But then came news that Goldman Sachs (NYSE:GS), the very company that forecast $200 oil and a new bull market in gold, very recently, believed that the amount of the proposed bailout was insufficient.
That's all we needed to put a damper on the European party and the pre-opening futures, although I'm not certain why our futures were as high as they were on Sunday evening, given Goldman's sentiment. From my perspective, Goldman is far from irrelevant. It still has clout, whether it is correct or not in its assertions. Yet, I heard no one credit Goldman for seeing things through an unfiltered lens.
As it turned out, it was just about the best of all weeks, starting with an opening market rise into which calls could be sold and also the perfect environment into which to sell Barclays Volatility ETN (NYSEARCA:VXX) puts.
Before that first hour was up the market gave it all up as the high just worked its way out of the addict's system and planned stock purchases became more reasonably priced.
Most of the time, especially if I'd had lots of shares assigned, I look forward to a down Monday in the hopes that I could pick up my assigned shares at cheaper prices.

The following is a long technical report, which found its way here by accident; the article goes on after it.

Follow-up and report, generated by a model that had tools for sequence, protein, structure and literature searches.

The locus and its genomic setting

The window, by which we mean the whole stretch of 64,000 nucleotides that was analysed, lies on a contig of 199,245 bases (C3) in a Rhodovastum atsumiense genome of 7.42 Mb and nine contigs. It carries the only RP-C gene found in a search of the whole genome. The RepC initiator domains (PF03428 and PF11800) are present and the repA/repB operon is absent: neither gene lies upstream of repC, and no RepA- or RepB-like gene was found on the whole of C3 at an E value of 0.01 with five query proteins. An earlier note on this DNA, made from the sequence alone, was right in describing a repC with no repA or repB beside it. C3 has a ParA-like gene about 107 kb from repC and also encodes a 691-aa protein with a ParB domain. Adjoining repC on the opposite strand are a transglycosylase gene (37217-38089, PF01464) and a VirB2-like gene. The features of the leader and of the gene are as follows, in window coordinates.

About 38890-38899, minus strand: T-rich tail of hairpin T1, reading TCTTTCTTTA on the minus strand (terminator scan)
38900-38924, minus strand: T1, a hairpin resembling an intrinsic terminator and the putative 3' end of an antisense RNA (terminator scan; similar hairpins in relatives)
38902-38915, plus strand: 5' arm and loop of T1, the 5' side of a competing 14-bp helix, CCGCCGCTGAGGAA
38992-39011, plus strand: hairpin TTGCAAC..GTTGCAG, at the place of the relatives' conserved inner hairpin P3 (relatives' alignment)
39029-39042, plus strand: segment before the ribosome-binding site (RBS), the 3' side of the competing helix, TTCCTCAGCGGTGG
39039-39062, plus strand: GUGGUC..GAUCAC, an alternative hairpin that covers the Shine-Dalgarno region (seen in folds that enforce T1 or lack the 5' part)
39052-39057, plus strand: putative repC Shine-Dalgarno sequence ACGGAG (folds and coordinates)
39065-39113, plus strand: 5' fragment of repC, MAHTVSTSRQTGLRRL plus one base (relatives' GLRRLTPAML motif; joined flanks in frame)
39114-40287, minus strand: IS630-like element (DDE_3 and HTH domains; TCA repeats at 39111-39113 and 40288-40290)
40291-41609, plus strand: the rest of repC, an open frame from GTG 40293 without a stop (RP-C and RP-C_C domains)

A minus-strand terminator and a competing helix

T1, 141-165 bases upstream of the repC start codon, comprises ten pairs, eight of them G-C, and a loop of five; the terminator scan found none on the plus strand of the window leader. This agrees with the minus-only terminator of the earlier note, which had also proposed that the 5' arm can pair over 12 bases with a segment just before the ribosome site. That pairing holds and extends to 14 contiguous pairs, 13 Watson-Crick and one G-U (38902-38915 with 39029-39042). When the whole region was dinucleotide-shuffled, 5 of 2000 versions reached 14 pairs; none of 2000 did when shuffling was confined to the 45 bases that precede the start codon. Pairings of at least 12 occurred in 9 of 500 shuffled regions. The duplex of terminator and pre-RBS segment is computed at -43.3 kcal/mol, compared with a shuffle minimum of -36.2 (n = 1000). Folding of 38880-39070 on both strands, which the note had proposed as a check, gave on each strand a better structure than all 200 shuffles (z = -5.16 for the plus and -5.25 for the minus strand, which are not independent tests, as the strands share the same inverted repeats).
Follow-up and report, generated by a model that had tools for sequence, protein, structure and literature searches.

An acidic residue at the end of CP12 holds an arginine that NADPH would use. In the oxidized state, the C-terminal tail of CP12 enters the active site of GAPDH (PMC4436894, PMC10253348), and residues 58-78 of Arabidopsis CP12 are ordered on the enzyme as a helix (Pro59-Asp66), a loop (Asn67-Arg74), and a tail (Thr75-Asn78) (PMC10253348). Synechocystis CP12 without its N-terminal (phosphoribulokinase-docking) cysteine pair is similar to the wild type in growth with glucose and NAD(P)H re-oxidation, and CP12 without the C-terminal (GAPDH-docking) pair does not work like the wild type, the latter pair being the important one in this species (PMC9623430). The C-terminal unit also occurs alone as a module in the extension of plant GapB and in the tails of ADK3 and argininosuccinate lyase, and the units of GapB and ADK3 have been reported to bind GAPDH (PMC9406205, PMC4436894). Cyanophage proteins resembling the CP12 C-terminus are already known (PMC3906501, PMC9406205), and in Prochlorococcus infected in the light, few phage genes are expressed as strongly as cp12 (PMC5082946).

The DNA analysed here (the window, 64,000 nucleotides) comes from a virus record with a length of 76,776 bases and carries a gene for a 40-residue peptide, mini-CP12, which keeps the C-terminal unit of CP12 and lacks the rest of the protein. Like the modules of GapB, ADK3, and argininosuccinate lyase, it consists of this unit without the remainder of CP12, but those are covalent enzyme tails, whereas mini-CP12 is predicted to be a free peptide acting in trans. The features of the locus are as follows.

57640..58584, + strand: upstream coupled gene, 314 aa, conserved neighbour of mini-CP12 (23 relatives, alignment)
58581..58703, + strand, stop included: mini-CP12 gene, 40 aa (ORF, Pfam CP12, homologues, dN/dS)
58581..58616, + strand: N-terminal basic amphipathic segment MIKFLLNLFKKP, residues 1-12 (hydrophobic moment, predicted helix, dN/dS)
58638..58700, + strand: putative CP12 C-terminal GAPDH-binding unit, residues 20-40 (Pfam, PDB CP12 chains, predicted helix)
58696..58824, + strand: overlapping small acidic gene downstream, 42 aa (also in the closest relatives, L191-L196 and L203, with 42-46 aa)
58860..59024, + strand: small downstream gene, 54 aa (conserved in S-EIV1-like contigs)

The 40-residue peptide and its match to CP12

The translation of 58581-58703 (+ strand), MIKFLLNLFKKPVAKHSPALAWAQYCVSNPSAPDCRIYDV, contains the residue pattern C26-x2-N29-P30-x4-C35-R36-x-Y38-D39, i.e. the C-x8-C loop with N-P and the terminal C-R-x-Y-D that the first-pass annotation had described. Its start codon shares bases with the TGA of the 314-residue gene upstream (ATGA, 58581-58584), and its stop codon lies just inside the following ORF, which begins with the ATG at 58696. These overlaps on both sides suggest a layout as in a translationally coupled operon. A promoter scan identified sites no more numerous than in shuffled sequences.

What I should have realized was that more likely the market would do precisely the opposite of the reasonable man standard, with me being the reasonable man.
Despite a nearly 90 point climb by the open, this had to be one of the most quiet and news devoid days in quite a while. Today had one of those "which way do we go now" feelings except that no one today seemed to focus on the market Doppler that would alert us to the next wave. That has to still be Italy, just as it was last year.
Sure, the market had its brief up movement and then went down and then went down even further in, but there was just no excitement.
With the commitment to ennui, I had the opportunity to repurchase Chesapeake Energy (NYSE:CHK) that had just been assigned, but as often is the case, I was able to do so at a cheaper price than Friday's assignment. You could add JPMorgan (NYSE:JPM) and Mosaic (NYSE:MOS) to that list, as well. What seemed like ridiculously stupid decisions to sell their calls on Thursday and Friday, for last week's expiration, in an attempt to squeeze out some additional pennies of premium, turned out to work, as it seems to do so very often via the process of collecting crumbs.
With all that money burning a hole in my pockets, it seemed like a good time to bring Deere (NYSE:DE) back home.
And then it occurred to me. Fatter having sold call options on all of those new purchases and feeling all good, warm and happy with the premiums, share prices fell even further and I just wanted to do it all over again. I wanted to buy back my options and wait for another high and then sell them once again.